Are you looking for a cost-effective source of extra support to get through a particularly busy accounting period? Or perhaps you want to launch a new service but your staff isn’t trained in it yet?
Outsourcing some of your business might be a great way for your accounting firm to cope, grow and thrive.
But what exactly is outsourcing? How is it different from practices like subcontracting and temping?
And how did we get to the point where seven out of ten UK companies outsource at least some of their services?
A short history of outsourcing
While outsourcing has been around since the 1950s, it only really emerged in the 1980s and became formally identified as a business strategy in 1989.
At the time, a drive to protect profits had prompted companies to diversify assets, investments and services, which resulted in bloated management structures.
So, they started focusing on their core business and outsourced the other aspects of their services.
In the 1990s, organisations started to outsource for cost-saving purposes, handing ‘housekeeping’ tasks to others, such as accounting, data processing, security and human resources.
Today, relationships between outsourcers and clients have evolved so that an outsourcer will sometimes complete tasks relating to a business’s core function in a close strategic relationship.
This is how Diamond Outsourcing operates, offering to take on some of the day-to-day work of accounting firms.
Nowadays, it’s common for businesses to outsource some of their services. Throughout the UK, only 25% of businesses have never outsourced a service. In London, that figure is lower again at 17%.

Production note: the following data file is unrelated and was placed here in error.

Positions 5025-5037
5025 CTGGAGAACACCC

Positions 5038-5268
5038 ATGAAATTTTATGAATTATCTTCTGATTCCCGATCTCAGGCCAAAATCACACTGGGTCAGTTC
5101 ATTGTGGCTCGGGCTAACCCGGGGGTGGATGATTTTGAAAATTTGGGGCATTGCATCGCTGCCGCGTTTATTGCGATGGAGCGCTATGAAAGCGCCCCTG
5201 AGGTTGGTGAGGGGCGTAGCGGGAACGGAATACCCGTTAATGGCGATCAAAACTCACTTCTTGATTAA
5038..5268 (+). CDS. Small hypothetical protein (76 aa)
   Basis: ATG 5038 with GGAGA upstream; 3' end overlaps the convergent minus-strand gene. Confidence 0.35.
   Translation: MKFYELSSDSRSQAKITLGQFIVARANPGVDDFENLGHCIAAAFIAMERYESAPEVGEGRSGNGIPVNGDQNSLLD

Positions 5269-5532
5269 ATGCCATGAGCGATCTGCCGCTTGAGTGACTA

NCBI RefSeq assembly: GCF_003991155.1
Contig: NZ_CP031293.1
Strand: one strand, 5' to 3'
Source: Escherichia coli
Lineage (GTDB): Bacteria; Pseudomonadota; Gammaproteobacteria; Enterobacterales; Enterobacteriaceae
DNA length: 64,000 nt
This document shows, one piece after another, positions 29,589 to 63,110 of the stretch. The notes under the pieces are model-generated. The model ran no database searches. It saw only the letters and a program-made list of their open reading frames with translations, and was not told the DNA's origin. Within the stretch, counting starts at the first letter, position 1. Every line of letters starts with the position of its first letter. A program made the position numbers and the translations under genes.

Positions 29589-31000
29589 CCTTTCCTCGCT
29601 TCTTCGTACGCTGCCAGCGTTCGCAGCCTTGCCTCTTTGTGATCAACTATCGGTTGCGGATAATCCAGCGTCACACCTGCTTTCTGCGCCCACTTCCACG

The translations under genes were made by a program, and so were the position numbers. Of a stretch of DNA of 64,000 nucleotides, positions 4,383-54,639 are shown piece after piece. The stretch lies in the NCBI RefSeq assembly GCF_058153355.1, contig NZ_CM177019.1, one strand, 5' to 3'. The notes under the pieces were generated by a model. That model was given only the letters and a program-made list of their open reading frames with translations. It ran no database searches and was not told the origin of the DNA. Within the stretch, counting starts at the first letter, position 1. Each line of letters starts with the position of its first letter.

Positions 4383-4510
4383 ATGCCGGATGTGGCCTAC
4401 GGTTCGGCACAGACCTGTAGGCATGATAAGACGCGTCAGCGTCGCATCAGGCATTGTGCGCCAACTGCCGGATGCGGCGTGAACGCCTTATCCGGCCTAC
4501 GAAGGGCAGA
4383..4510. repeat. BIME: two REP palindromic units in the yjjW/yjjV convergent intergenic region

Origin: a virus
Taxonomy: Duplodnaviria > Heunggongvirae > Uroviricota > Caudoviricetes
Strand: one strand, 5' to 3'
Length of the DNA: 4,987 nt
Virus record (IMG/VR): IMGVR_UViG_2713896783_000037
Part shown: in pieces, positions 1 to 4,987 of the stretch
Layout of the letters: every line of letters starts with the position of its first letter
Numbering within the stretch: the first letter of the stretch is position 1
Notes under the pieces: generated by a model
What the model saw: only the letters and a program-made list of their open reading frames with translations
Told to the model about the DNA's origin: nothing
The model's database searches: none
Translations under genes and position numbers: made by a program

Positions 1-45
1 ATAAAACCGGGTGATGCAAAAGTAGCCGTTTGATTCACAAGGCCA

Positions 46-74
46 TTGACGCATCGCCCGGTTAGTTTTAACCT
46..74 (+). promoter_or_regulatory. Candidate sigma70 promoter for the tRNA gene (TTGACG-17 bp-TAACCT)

Outsourcing, subcontracting, temps: what’s the difference?
It’s easy to mix up outsourcing with other practices like subcontracting and hiring temporary staff. They’re similar in the sense that they each involve getting an external individual to do a job for your business.
Let’s go beyond that.
First, outsourcing is all about giving tasks that would otherwise be done in-house, in their entirety, to an external individual business.
It’s often done as a way to reduce labour costs or as an interim practice while a new service is set up.
Similar to outsourcing, subcontracting involves a firm hiring a service provider to complete a desired task that cannot be done by in-house teams.
The key difference is that the subcontractor is hired by the original contractor and is brought on to complete a very specialised task or complicated part of a project. The expertise of a subcontractor is therefore a major difference with outsourced workers.
As such, subcontractors are most common in complex projects, such as construction and information technology.
The contractor, who has overall responsibility for a project’s completion, will be responsible for subcontractors and will work directly with them.
With their time agreed upon through a contractual basis, subcontractors tend to have short term relationships with clients, unlike outsourcers who sometimes support their clients for months, if not years.
Temporary staff, or ‘temps’, are similar outsourced workers, but unlike them, they are more likely to come into your office and work alongside you and your team.
They aren’t typically used for specialised work like subcontractors or to help get a brand new service off the ground like outsourcers.
Instead, they usually complete simple, menial tasks during those busy periods when an extra pair of hands is needed in the short term.
The responsibility for supervising their work rests with you – and you’ll generally have to provide them with office equipment and so on.
Our outsourcing services
If you have an accounting process that you don’t have the capacity to take on right now, but which needs the input of skilled individuals, Diamond Outsourcing is there to help.
As an outsourcing company, our success is measured by the success of our partners, so we’re entirely committed to making you look as good as possible.
Reach out to us on 0203 9500316 or fill out a contact form here to talk about which part of your accounting firm you can outsource to us.